“Job again took up his discourse and said: ‘As God lives, who has taken away my right, and the Almighty, who has made my soul bitter, as long as my breath is in me and the spirit of God is in my nostrils, my lips will not speak falsehood, and my tongue will not utter deceit.”
“Take a deep breath and hold it. Let it out. Deep breath. Hold it. Let it out.”
I am not a doctor, nor do I play one on TV. I’m not checking your breathing but simply encouraging you to become aware of the Holy Spirit breathing into you. Biblically speaking, every breath you take, you are drawing from the Holy Spirit.
Breathe in…breathe out…we do it 12-14 times per minute, 17,000 to 20,000 times a day, without usually thinking about it. We just do it. But it is the Holy Spirit breathing His very life into us.
I see this in today’s Scripture text in which Job swears an oath: “as long as my breath is in me and the spirit of God is in my nostrils…” That gets my attention because Job understands that each breath, he takes is the Spirit of God breathing life into him. That’s how close God is to us! Breathing life into our noses! Elsewhere Job exults: “The spirit of God has made me, and the breath of the Almighty gives me life” (Job 33:4). Here’s important data left out of human anatomy texts!
Notably in both the Hebrew Old Testament and Greek New Testament, the same word (ruach and pneuma) can be translated both breath and spirit. God’s Spirit is as close to us as our very breath!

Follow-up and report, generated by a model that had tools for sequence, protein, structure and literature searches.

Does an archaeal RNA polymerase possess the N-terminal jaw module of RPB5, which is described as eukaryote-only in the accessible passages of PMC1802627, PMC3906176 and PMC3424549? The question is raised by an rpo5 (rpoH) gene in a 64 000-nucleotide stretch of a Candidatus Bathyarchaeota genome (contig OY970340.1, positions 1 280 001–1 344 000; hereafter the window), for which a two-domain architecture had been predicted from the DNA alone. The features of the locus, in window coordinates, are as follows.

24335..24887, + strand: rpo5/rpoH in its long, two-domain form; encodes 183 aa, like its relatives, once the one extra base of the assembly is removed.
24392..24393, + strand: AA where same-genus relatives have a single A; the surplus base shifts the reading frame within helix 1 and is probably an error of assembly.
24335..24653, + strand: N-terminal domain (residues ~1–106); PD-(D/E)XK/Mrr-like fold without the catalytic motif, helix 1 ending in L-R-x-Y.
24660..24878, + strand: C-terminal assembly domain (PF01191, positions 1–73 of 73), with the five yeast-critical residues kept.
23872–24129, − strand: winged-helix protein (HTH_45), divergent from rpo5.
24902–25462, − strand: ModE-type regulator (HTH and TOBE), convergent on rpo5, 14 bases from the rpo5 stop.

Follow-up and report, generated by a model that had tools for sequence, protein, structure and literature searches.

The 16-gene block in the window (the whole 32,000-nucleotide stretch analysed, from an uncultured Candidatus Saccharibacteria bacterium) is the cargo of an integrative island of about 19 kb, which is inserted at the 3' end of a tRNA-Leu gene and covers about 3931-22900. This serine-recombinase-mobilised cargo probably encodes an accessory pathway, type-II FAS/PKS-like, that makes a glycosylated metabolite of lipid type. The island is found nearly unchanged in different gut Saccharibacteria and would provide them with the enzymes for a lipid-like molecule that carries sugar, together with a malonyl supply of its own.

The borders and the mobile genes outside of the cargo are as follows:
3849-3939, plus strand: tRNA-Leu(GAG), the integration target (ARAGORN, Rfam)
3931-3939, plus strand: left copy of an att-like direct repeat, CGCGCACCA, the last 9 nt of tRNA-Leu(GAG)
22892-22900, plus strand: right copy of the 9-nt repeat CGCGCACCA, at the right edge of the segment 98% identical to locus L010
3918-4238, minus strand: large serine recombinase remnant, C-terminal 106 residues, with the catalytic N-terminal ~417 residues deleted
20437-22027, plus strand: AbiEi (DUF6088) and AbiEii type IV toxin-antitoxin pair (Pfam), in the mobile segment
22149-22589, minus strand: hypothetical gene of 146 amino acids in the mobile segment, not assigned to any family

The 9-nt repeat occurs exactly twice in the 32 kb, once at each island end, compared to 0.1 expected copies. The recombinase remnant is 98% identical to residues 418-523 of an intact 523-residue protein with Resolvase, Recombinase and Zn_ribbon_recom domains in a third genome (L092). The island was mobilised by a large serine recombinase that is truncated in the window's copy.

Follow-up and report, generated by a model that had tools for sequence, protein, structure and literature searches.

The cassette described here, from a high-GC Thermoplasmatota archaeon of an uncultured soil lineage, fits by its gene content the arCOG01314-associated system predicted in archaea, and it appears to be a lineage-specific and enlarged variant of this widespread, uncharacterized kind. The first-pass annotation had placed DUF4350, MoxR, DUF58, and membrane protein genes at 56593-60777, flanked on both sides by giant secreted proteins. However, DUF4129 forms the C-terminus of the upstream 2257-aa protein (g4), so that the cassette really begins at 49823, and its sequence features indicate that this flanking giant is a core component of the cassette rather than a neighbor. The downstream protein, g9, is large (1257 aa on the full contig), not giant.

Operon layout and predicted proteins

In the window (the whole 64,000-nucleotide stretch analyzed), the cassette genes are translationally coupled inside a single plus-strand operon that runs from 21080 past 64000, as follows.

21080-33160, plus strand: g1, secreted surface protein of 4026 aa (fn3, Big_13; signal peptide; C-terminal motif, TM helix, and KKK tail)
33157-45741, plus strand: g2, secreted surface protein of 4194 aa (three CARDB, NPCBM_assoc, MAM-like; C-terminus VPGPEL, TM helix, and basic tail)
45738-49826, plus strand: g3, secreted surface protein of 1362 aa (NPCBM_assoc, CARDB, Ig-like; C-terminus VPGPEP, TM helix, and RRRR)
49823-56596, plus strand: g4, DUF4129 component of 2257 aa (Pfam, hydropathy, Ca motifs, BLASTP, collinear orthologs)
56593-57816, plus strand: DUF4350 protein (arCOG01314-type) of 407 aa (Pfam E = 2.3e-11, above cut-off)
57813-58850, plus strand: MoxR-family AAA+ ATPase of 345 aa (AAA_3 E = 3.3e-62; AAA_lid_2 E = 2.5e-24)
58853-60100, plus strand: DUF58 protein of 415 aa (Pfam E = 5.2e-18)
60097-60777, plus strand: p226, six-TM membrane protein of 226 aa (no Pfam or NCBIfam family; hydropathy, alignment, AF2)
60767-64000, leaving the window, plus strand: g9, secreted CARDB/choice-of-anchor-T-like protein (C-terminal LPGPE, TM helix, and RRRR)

People often associate the Holy Spirit with spectacular and rare experiences, but Job associates the Holy Spirit with all day long breathing precious life into him. It’s a miracle! But a miracle so close to us that we seldom give it thought. All day long we are breathing in the Holy Spirit and yet we do not notice. Augustine of Hippo reminded that God’s Holy Spirit is “higher than my highest and more inward than my innermost self.” (Augustine, Confessions, 6, 11). In other words, the Holy Spirit is closer to us than we are to ourselves!
Stop and ponder it! God is as close to you right now as the breath you are receiving. “The soul is in God and God is in the soul. God is closer to us than water is to a fish…A fish pulls oxygen out of water to breathe. God is closer. God is our breath. He sustains us.” (Catherine of Siena, The Dialogue)
Take a moment to breathe deep and ponder these lines from a poem of Quaker poet Geoffrey Weeden:
“Breathe in the quiet purpose of this place;
Through outward stillness, seek a calm within.
Here we find forgiveness and forgive;
Here feel the healing miracle begin.
Breathe in communion, friend with quiet friend,
Each drawing closer to this timeless hour;
As all our different needs and gifts are drawn
To the one source of comfort, love and power.”
A fellow traveler,